And this, my friends, is our own doing. No one came in here and imposed it on us, we did it to ourselves.

Consider further if you will, our reluctance to even take full advantage of the foreign oil resources we have available. I am talking specifically of Kuwait and Iraq. The United States imports about 10 million barrels of oil per day from foreign sources, about 20 percent of which comes from the Middle East.

Well, Kuwait produces about 2.5 millions barrels per day for export, and even in slow times Iraq produces about 1.5 million barrels per day for export, which together account for 40 percent of what the United States imports. So, it makes sense to a lot of people that we be first in line for Kuwaiti and Iraqi exports, since we freed both countries from Saddam Hussein.

This doesn't imply by any means that we TAKE the oil. It merely says that since we have put our country and the lives of our citizens on the line for these countries, we should be first in line for their oil, and pay a fair price for it. When we have what we need, then other countries, starting with those who contributed to the coalitions that freed Iraq and Kuwait, and in direct proportion to their contributions, can have theirs. Sounds fair to me.

In the meantime, how about we turn a couple of government investigators loose to look up those old patents gathering dust on a shelf somewhere in Detroit? How about we dust them off, update them and start making them required for all domestically produced as well as foreign imported autos in the United States, immediately?

Within a few months, with the proper incentives, we could also have a thriving after-market version available to convert existing autos. If we can go from near zero nuclear technology in 1939 to the only country with nuclear weapons by late 1944, we certainly can take existing advancements in automobile fuel supply systems and apply them nationwide in a year.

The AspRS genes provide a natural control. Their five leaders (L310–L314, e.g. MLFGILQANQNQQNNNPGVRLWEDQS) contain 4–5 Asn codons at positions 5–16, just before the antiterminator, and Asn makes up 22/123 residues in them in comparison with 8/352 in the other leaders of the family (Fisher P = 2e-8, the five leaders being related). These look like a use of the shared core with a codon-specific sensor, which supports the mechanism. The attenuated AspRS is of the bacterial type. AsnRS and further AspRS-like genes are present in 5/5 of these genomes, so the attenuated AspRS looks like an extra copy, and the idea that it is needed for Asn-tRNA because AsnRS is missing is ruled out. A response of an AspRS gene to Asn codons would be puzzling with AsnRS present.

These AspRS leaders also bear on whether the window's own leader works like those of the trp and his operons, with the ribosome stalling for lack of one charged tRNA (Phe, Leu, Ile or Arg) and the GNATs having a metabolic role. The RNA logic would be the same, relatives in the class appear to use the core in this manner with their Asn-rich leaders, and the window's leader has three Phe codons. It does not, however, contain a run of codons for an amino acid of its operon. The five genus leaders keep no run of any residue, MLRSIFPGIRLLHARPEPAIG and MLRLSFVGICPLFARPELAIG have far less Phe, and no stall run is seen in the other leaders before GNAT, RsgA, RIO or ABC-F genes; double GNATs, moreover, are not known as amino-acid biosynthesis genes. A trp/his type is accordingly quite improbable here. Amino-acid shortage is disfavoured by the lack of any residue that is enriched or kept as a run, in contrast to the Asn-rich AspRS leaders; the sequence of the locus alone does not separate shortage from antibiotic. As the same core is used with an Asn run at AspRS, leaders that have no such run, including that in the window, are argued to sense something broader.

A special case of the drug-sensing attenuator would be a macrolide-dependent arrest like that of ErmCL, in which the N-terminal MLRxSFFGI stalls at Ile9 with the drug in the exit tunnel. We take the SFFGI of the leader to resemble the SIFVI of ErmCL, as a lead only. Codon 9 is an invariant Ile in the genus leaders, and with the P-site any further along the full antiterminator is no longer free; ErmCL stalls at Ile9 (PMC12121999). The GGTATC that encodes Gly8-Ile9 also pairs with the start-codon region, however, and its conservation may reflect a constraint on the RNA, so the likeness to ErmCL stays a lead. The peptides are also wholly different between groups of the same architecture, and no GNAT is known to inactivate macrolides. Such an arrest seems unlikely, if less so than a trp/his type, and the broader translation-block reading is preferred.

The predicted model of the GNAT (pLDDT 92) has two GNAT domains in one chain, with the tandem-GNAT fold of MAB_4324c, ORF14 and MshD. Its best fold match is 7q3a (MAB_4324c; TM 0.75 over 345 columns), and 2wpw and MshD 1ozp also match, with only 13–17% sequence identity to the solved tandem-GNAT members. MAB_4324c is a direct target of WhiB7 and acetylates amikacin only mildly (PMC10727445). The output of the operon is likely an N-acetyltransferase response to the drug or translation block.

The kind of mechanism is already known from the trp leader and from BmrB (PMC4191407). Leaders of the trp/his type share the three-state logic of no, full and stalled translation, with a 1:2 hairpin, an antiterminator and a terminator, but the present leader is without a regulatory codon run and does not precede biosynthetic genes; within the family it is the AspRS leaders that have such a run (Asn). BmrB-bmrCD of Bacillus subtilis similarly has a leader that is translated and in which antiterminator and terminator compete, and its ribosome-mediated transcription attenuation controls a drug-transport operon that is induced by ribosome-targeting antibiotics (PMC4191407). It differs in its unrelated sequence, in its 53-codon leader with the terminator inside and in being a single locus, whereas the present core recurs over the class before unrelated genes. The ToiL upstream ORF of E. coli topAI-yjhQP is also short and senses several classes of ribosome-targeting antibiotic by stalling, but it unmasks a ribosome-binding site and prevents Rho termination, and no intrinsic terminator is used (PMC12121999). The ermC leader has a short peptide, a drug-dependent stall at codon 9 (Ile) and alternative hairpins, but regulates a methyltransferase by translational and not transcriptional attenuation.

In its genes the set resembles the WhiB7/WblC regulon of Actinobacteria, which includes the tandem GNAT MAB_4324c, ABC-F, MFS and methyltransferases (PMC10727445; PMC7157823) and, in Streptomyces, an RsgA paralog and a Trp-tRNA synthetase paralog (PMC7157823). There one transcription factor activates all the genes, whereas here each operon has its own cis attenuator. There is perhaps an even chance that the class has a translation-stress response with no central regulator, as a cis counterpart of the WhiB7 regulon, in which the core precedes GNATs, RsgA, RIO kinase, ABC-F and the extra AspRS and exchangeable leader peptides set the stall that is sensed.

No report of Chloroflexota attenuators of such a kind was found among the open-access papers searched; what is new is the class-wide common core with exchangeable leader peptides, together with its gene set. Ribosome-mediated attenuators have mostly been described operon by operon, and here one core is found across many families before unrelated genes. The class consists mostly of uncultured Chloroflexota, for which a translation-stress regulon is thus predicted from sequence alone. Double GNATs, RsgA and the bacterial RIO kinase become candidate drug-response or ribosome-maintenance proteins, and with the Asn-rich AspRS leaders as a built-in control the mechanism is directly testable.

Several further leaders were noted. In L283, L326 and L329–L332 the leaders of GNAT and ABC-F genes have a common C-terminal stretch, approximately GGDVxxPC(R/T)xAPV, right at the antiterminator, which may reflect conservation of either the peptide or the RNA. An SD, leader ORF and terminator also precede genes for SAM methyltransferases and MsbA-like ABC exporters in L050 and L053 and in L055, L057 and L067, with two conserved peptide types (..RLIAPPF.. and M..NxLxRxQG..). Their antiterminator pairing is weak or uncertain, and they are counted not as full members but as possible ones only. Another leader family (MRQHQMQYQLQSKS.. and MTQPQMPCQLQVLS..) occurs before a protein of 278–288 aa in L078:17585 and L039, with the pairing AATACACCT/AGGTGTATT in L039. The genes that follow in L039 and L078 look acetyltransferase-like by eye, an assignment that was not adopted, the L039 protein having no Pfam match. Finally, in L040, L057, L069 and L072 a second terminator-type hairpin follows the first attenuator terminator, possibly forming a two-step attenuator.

By this time next year the world would have a glut of oil, and we could take a certain tinhorn, big mouthed dictator by the throat, and sit his preening carcass down in an adult version of permanent time out. And no one could do a thing about it.

"See the irony is that what they need to do is get Syria to get Hezbollah to stop doing this s--- and it's over," George Bush to Tony Blair.
Gotta love straight talk!
Friday, July 14, 2006

Pork, The OTHER White Meat

Did you catch the significance of President Bush serving roast wild boar in Germany Thursday, while Islamic extremists, who detest pork and fear that even touching pork products will bar them from paradise, were launching missiles into Israel?

Perhaps he was just making a gesture of humility and solidarity with his German hostess, and giving a nod to German history. But I think there was a not-so-subtle message being served up along with roast pork loin.

But messages aside, with the Mideast once again engulfed in the flames of war, and the United Nations again doing nothing except shuffling papers and talking endlessly, it is way past time for the President Bush to remove his chef's apron, and take his iron fist out of its velvet glove. Instead of platefuls of roast meat, if the United States and its allies ever want to see peace in this generation, we should serve up some well-placed and permanent shots to the terrorists' vital spots, followed by some more well-placed shots at the instigators who are inciting the terrorists.